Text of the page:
Credits: Michele Morabito, Parco Nazionale della Pace e Museo Storico della Resistenza di Sant’Anna di Stazzema

It’s so silent here. Where are we?

In Sant’Anna di Stazzema, near Lucca, in Tuscany. Never heard of it?

No. Should I?

Well, yes, Jan. Here on August 12th, 1944 one of the most atrocious massacres carried out by the Germans in Italy took place. About 400 people, including over 70 children, were slaughtered by the SS.

Those were Nazis weren’t they? And the war, and the fighting against the partisans was going on, wasn’t it?

The partisan groups were active in the area, but the Germans – and for other areas we’re not just talking about the SS, but also the Wehrmacht – targeted harmless civilians to prevent them from supporting the Resistance. This was a strategic military zone, close to the Gothic Line.

I guess there must be strong resentment towards the Germans.

Yes, it’s true. The reconstruction of memory, which was painful and divided, took years and culminated in 2005 with the trial against the perpetrators at the Military Court of La Spezia. However, many Italians continue to be unaware of the Fascist shared responsibility in the civilian massacres.

Anyway, I can see a European flag waving…

Exactly. Sant’Anna today is a European memorial site, and also a symbol of reconciliation between Italy and Germany. Many students visit the museum, the National Peace Park and the Ossuary Monument, built in 1948 in memory of the massacre.

Credits: Museo Storico della Resistenza di Sant’Anna di Stazzema


After the armistice of September 1943, the German armed forces occupied most of central and northern Italy, directly administering some areas in the north-east.

The aim was twofold: to keep the Allies at a distance from the Reich’s southern border and to use Italian economic resources and manpower. The Germans requisitioned raw materials and industrial equipment, exploiting the population, many of whom were deported and sent to Germany for forced labour. The hostility towards the Italian ‘traitor’ increased because of the failure of the war.

The occupation was extremely harsh, with detention centres where executions and torture took place. With the collaboration of the Fascists, the Nazis carried out military actions and harsh reprisals against the Resistance forces, together with round-ups and the massacre of civilians.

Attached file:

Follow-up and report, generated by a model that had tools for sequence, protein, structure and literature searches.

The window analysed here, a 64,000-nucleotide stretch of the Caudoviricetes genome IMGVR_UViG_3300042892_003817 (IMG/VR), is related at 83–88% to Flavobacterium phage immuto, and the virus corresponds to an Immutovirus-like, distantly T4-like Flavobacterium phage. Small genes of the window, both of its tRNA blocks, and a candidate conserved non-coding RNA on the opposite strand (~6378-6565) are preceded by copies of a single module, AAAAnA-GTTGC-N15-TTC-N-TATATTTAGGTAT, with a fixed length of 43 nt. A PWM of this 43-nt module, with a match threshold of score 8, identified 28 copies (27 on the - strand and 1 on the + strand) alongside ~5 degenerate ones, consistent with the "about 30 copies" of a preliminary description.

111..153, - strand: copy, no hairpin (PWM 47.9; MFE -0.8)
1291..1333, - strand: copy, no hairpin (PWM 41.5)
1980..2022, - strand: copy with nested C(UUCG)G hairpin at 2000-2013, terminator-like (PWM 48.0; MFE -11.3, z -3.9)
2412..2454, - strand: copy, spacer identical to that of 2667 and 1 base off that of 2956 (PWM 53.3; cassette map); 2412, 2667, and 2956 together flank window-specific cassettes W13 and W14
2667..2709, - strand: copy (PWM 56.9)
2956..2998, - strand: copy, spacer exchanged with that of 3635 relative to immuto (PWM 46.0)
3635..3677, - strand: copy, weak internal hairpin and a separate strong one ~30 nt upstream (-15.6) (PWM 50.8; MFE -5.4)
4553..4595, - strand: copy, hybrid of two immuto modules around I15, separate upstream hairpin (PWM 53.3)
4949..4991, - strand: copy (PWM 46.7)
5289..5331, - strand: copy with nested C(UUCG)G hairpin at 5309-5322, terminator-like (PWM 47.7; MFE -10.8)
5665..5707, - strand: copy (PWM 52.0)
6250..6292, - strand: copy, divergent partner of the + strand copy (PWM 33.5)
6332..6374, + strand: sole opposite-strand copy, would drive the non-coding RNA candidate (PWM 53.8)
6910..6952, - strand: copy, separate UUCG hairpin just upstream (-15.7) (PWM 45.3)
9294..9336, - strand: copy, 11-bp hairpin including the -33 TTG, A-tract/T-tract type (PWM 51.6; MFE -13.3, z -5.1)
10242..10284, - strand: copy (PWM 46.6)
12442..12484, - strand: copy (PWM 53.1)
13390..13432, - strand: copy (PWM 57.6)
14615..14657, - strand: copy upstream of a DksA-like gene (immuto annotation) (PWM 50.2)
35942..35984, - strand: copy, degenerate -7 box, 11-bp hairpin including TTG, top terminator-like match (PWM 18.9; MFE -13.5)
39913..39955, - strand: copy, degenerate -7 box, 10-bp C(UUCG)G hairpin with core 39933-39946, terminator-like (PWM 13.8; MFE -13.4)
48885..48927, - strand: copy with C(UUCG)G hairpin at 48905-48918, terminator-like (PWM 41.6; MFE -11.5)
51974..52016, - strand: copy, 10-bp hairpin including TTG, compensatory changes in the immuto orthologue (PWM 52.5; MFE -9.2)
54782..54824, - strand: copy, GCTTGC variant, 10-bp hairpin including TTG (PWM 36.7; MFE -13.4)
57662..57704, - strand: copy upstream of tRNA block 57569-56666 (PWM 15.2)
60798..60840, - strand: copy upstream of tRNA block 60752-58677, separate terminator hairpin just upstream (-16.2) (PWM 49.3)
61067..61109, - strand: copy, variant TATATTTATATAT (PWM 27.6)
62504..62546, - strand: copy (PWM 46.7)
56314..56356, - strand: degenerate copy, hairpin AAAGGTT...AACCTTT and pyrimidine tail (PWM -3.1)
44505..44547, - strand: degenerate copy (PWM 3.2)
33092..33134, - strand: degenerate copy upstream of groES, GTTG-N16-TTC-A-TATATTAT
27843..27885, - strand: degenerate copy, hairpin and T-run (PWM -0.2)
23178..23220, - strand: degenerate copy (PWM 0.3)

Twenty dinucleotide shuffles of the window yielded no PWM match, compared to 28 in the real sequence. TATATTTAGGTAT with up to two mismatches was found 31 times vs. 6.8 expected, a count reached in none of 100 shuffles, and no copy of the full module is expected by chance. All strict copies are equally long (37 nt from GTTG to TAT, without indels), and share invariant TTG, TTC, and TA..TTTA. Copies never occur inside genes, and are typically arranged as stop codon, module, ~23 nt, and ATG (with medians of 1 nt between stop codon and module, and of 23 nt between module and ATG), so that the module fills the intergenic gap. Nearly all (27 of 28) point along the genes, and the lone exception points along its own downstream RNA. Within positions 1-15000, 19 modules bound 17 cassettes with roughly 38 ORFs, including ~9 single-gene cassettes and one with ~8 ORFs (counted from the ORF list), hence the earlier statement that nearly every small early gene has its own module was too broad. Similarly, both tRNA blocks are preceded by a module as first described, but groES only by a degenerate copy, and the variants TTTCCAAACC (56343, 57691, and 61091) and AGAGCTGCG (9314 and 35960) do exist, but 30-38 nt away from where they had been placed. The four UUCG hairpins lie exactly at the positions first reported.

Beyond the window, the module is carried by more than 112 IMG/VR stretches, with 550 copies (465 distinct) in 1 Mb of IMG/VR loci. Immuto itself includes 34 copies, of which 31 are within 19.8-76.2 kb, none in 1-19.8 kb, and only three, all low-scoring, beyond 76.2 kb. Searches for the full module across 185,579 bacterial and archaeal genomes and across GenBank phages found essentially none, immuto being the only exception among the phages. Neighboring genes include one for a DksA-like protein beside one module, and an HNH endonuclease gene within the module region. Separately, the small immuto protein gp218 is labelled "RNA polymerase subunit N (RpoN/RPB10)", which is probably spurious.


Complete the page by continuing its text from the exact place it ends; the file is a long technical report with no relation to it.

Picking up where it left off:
The stereotypes of the ‘bad German’ and the ‘good Italian’ have largely influenced the collective imagination: Fascist responsibilities have often been minimised in Italy.

Some early attempts to monumentalise certain sites of Nazi and Fascist massacres and persecutions date back to the immediate post-war period. However, in the following decades, the memory of the violence was more often confined to the family and community level. Furthermore, issues such as economic exploitation and cultural depredation have hardly been investigated, and this is still the case today.

Since the 1990s, the creation of museums, interpretation centres and parks in memorial sites has fostered a more widespread awareness and common reflection. The 2002 meeting between German President Johannes Rau and Italian President Carlo Azeglio Ciampi in Marzabotto is famous. The initiation of criminal proceedings against German war criminals has also helped to focus attention on the victims.

Places of interest

Town of Boves
(Boves, Piedmont)
Cogne factory
(Aosta, Valle d’Aosta)
Student Dormitory
(Genoa, Liguria)
Municipality of Sirmione
(Sirmione, Lombardy)
Monte Sole Peace School
(Marzabotto, Emilia-Romagna)
Resistance archives
(Barletta, Apulia)
(Novafeltria, Emilia-Romagna)


Watching /reading tips

L’uomo che verrà


(Giorgio Diritti, 2010)

Roma città aperta


(Roberto Rossellini, 1945)

To know more

Atlante delle stragi naziste e fasciste